MADISON -- The Wisconsin Department of Health Services urges state residents to stay home and follow best public health practices during the upcoming Fourth of July weekend.
A news release indicates Wisconsin has seen a recent surge in cases with half of all positive cases coming within the past five weeks. Nearly 20% of total COVID-19 cases in Wisconsin have tested positive within the past two weeks. This spike in cases is driven in part by an increase in infections among younger people, and contact tracing by some local health departments has revealed that many of these cases can traced back to bars.
The message from health officials: Although you may be taking time off for Independence Day, COVID-19 is not.
While there were more confirmed COVID-19 cases during early May compared to early June, more than twice the percentage of cases (14% compared to 7%) reported attending a gathering or party or meeting up with people outside their homes within two weeks of getting COVID-19. 1% reported attending a protest or rally during early June.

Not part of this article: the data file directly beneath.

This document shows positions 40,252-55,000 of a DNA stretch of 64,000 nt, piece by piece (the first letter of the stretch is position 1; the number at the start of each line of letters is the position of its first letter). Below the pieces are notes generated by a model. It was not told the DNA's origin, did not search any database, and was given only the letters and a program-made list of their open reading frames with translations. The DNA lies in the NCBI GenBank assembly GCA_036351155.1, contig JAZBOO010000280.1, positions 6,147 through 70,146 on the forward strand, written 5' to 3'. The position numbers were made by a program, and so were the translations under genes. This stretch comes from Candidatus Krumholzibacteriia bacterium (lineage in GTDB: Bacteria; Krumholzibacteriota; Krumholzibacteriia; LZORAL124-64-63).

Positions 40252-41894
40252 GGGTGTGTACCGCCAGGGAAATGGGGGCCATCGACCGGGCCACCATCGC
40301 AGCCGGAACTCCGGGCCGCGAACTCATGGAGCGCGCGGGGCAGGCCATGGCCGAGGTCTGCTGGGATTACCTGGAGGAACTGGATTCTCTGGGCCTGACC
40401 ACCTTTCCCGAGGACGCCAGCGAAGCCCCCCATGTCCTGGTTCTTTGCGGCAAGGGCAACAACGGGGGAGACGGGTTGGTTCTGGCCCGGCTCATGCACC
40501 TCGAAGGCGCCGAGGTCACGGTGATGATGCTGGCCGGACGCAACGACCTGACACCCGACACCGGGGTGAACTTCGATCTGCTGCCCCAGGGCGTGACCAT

Contact tracing, an integral part of Wisconsin’s response to the pandemic, has revealed that more and more individuals testing positive for COVID-19 have recently met up with people outside their household.
"If you're with the people that you spend all your time with, people that you live with, traveling shouldn't be a big increase, it's really close contact with other people," State Epidemiologist Ryan Westergaard said of traveling safely over the Fourth of July weekend.
Milwaukee County remains the hardest-hit county amid the pandemic. Milwaukee County Executive David Crowley echoed the same message as Westergaard.
"If you go to a beach, if you go to a park and you see some overcrowding, we want you to do your part, possibly find another location to go, consider some different options," said Crowley.
As the weather continues to improve, DHS encourages Wisconsinites to consult guidance on how to participate in summer activities safely, which can be found on the DHS Avoid Illness webpage.
DHS officials said participating safely is particularly important for young people who are often asymptomatic; 23% of cases in Wisconsin are people in their 20s.
Governor Tony Evers issued the following statement in a news release:
"This message is especially important for younger people to hear. We know this is a time people like to celebrate with friends, but COVID-19 is still spreading in our state, and we need everyone to take the necessary precautions."